There is something about ska punk that is always infectious to some degree no matter the ability of the band bringing its enthused energy into view. With bands like Belgian ska punks Overweight this infection borders on contagion, their catchy insatiable sounds a festival for the senses. December 5th sees the release of their new EP Chapter 11 to further please and delight with five songs that grab hold and unleash aural joy on the ear.
Overweight began in 2001 in Vilvoorde when school friends started up a punk band, this soon evolved into ska punk as a brass section was added. Early demo ‘What We Call Paradise’ started the rise of attention to be solidly reinforced by the 2008 demo ‘Back To Life With A Hangover’. The following year saw their debut album ‘The World For Sale’ really fuel a growing appeal and eagerness for the band from further afield. Impressive shows and a French and UK tour raised their stock further and despite departure of a founder member in 2010, Overweight regrouped to return with the new line-up of Gert Thielemans (vocals and trombone), Kevin Boonen (guitar and backing vocals), Jurgen Ral (trumpet and backing vocals), Julien Daiche (drums), and Willem Merck (bass), and an EP to take them even deeper into willing and enthusiastic demanding ears.
It is fair to say that diversity amongst ska punks bands is not the widest, the core sound in some ways quite limiting and it is the quality of songwriting and musicianship that sets bands apart something Overweight are impressively strong on. References have been made to the band sounding like Less Than Jake and one can understand that but on the EP’s evidence the quintet sit firmly alongside the likes of Mad Caddies, Reel Big Fish and [Spunge]. They do add some harder punk rock sounds too that remind of The Mighty Mighty Bosstones and in some ways Rocket From The Crypt to produce music that appeals loaded with substance.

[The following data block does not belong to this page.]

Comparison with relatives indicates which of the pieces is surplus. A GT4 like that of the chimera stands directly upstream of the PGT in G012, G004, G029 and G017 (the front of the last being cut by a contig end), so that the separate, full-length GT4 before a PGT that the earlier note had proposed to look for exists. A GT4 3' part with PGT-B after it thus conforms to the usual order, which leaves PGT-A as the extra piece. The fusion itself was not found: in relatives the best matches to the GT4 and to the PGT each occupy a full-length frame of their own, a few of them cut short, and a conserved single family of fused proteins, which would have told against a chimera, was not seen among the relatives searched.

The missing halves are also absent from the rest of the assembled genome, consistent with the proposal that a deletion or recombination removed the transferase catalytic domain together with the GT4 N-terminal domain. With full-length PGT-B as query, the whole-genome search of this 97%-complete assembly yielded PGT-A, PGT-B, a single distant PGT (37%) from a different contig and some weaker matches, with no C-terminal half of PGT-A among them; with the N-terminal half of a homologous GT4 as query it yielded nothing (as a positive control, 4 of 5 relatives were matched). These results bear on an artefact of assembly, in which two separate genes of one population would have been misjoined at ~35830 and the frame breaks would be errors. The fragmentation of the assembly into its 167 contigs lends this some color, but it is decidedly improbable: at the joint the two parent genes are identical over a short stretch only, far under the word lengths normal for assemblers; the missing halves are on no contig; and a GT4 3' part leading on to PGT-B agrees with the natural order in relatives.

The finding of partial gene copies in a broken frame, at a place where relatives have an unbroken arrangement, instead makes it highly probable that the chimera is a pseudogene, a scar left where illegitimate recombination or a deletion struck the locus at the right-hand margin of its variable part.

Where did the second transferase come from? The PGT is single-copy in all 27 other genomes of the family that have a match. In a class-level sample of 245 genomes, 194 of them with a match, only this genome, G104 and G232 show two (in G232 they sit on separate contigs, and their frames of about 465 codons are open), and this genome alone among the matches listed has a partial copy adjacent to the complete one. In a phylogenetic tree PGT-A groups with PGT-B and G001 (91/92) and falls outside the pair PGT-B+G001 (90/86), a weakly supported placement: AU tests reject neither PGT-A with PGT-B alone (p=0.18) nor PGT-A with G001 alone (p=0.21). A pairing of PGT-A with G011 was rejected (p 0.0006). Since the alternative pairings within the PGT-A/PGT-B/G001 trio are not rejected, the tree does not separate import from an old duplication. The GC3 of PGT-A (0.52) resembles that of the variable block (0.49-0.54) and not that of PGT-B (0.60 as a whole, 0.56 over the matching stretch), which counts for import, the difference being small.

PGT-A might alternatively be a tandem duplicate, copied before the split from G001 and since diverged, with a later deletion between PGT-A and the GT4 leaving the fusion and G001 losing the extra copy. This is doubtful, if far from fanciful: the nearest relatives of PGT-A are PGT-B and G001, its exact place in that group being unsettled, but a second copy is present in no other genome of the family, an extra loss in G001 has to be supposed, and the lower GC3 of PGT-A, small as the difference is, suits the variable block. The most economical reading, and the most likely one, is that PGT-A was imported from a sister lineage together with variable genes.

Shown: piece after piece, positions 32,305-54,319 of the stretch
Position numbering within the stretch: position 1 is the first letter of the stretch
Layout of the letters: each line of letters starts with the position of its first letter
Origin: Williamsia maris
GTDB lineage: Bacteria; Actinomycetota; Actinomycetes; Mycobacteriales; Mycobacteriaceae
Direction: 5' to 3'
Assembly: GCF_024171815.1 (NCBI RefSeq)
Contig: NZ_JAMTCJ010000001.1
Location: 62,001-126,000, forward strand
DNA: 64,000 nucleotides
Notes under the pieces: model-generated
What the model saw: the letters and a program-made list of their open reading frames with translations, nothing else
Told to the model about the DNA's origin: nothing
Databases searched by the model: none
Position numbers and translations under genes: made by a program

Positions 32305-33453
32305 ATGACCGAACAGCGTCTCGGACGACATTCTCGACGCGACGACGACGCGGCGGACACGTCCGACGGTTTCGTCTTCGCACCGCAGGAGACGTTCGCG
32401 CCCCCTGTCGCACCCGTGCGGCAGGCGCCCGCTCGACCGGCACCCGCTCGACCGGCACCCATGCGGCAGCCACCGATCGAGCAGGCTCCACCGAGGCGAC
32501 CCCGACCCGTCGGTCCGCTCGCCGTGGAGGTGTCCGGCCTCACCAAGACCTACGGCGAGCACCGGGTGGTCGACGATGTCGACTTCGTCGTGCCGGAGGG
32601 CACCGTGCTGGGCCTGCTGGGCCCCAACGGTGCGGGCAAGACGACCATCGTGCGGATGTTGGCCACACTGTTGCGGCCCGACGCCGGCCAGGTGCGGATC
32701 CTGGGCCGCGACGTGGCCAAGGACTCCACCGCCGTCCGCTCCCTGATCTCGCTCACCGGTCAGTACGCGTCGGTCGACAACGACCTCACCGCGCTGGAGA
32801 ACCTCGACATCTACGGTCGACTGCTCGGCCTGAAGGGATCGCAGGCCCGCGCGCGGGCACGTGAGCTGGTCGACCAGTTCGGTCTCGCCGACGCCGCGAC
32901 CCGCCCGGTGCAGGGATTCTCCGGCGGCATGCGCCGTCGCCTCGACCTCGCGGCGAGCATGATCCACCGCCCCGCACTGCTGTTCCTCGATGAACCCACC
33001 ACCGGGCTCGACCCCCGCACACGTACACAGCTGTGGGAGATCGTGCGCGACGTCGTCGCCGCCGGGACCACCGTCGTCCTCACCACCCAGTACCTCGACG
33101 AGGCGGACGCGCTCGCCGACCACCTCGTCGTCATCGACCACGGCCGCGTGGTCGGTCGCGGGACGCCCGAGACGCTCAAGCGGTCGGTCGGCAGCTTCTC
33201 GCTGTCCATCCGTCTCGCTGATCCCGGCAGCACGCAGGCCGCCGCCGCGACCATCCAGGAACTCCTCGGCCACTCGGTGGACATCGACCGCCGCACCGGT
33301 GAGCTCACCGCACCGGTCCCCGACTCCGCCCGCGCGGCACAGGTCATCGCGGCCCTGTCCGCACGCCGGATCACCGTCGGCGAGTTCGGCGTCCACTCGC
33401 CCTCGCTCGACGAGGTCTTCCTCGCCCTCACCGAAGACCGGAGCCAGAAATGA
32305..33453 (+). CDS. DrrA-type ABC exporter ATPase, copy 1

The EP opens with probably the most obvious and straight forward song in ‘Turbo’. Energetic and bouncy with choppy guitars, group harmonies, and fluid brass sounds the song delivers with direct and eager intent even if without producing any real surprises. It is fun and comes with a determination to not leave until toes are tapping along, making a great start to Chapter 11.
‘Guantanamo’ leaps in next with equal boisterous energy and mischief. A great bassline supports the melodic dance, purposeful lyrics, and resourceful brass sounds making the track irresistible. Things really step up though when ‘Generation?’ moves in to show its wanton wares. The first two songs are great fun but from this point right through to the end the levels are pushed up a notch or two. The third song comes with a punkier edge and attitude without losing the infectious and mesmeric melodic funky grooves. A word like catchy really does not do it justice; its hypnotic charm staying with the listener long after it passes the musical torch onto the next track.
It that was hypnotic then the pulse and contagious hooks of ‘I Want It You Got It’ are certified aural addiction. The song is so infectious that at the song plays whilst writing this section the keyboard has danced as much as the eager limbs below its stand. Well crafted and realised this is pop music of the highest order, something the best ska punk can produce effortlessly it seems.
The punk fused epidemic that is ‘No More’ completes the release bringing forth more appetising melodic hooks, warm brass sounds and an unlimited supply of not to be denied infections. There is nothing but good things that can be said about this song, in fact every song that makes up Chapter 11.
The EP admittedly is not breaking down boundaries for ska punk but it is hard to think of many that do break out from the ‘traditional’ sound, but there are going to be even fewer as satisfying and enjoyable as Chapter 11 from Overweight.